Another major flaw in the swoon theory is that Jesus was embalmed with seventy-five pounds of bandages and spices. John 19:39-40 reads: 39 Nicodemus also, who earlier had come to Jesus by night, came bringing a mixture of myrrh and aloes, about seventy-five pounds in weight. 40 So they took the body of Jesus and bound it in linen cloths with the spices, as is the burial custom of the Jews.”  It is highly unlikely that Nicodemus and company would have embalmed a living Jesus. If Jesus were alive, don’t you think they would notice Him breathing?

Finally, there is the issue of the post-resurrection appearances. How would a crucifixion victim find his way out of cold, dark tomb? Norman Geisler writes about the absurdity of this notion:
            “Even if Jesus did survive the cold, damp dark tomb, how could he unwrap himself, move a two-ton rock, get by the elite Roman guards, and then convince the scared, scattered and skeptical cowards that he had triumphed over death? Even if he could get out of the tomb, Jesus would have been a battered, bleeding pulp of a man, whom the disciples would pity, not worship. They’d say, “You may be alive, but you’re not certainly risen. Let’s get you to a doctor!”[3]

I have always enjoyed the story that classic Bible teacher J. Vernon McGee told concerning the absurdity of the swoon theory. During the days when Dr. McGee was still broadcasting his Thru the Bible program a woman wrote him, “Our preacher said that on Easter Jesus just swooned on the cross, and the disciples nursed him back to health. What do you think?”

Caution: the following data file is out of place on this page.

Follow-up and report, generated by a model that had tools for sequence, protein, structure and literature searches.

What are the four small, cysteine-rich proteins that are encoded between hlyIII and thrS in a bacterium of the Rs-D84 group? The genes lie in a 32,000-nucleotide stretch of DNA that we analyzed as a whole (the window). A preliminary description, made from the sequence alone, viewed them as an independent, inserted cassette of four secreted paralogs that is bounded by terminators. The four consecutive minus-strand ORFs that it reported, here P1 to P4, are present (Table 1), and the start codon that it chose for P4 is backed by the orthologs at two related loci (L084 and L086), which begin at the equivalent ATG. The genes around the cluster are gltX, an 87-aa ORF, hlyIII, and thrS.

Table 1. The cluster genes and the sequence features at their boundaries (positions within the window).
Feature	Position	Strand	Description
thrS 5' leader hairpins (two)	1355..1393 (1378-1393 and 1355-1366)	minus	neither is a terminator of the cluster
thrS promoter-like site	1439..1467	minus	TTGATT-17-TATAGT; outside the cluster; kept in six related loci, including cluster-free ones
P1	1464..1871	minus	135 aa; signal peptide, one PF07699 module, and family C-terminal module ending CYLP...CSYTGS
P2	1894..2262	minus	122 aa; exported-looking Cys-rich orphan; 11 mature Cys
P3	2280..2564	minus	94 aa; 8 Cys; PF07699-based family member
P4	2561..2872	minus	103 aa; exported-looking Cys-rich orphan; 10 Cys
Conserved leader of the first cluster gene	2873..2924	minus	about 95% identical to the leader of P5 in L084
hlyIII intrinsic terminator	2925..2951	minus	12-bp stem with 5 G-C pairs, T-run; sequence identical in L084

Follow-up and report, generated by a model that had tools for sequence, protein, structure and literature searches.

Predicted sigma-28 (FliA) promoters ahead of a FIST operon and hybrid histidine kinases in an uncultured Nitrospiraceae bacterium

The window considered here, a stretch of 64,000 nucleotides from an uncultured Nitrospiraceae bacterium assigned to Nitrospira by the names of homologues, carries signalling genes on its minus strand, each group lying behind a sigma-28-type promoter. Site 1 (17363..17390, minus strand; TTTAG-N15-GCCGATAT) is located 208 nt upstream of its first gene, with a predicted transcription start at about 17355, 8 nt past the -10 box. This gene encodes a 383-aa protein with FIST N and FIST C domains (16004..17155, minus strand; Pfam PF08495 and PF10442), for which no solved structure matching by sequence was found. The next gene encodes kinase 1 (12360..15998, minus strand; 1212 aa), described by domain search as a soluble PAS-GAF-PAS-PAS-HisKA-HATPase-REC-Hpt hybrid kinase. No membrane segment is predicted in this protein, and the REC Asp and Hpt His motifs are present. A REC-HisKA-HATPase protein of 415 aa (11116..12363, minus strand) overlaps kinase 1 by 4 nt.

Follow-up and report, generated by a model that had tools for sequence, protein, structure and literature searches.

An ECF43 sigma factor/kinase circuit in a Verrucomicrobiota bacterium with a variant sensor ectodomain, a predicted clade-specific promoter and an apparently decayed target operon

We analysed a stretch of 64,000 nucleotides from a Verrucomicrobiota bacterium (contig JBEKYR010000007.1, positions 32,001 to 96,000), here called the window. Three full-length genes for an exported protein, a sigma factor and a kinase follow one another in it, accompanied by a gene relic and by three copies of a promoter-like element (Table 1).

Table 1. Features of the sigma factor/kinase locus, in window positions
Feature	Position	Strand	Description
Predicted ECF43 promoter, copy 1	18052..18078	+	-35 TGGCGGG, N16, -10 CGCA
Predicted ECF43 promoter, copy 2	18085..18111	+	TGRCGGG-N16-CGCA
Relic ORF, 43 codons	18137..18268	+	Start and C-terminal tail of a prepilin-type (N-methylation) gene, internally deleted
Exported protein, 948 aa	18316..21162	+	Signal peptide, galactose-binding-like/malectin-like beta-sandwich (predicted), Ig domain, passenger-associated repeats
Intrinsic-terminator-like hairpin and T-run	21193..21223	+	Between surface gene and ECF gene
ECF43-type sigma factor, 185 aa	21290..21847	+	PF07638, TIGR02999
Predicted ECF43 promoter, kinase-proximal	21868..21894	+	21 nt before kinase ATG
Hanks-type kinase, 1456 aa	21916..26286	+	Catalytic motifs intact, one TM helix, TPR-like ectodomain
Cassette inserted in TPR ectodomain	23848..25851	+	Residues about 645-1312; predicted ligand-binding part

McGee replied, “Dear Sister, beat your preacher with a leather whip for thirty-nine heavy strokes. Nail him to a cross. Hang him in the sun for six hours. Run a spear through his heart. Embalm him. Put him in an airless tomb for three days. Then see what happens.”   

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Over a period of forty days, Jesus appeared on twelve occasions to 515 eyewitnesses (1 Cor. 15:3-8). One of those appearances involved Saul of Tarsus on the road to Damascus (Acts 9:1-9). Saul, who became the apostle Paul, was a first-century terrorist and he claimed that his conversion to Christianity was the result of experiencing a glorious appearance of the risen Jesus:

As I was on my way and drew near to Damascus, about noon a great light from heaven suddenly shone around me. And I fell to the ground and heard a voice saying to me, ‘Saul, Saul, why are you persecuting me?’ And I answered, ‘Who are you, Lord?’ And he said to me, ‘I am Jesus of Nazareth, whom you are persecuting.’ Now those who were with me saw the light but did not understand the voice of the one who was speaking to me. 10 And I said, ‘What shall I do, Lord?’ And the Lord said to me, ‘Rise, and go into Damascus, and there you will be told all that is appointed for you to do.’ 11 And since I could not see because of the brightness of that light, I was led by the hand by those who were with me, and came into Damascus. (Acts 22:6-11)

The swoon theory cannot account for Paul’s dramatic conversion and reversal of worldviews. A swooned Jesus, even if healed, would not appear gloriously. Taking all this into account it’s clear that the swoon theory is “dead” with no hopes of resurrection, but Jesus is alive! -DM

[1] Max Lucado, Come Thirsty (Nashville, TN: Thomas Nelson, 2004), 39-40.
[2] William D. Edwards, Wesley J. Gabel, and Floyd E. Hosmer, “On the Physical Death of Jesus Christ,” Journal of the American Medical Association 225, no.11 (March 21, 1986):1463.
[3] Norman Geisler and Frank Turek, I Don’t Have Enough Faith to Be an Atheist (Wheaton, IL: Crossway, 2004), 305.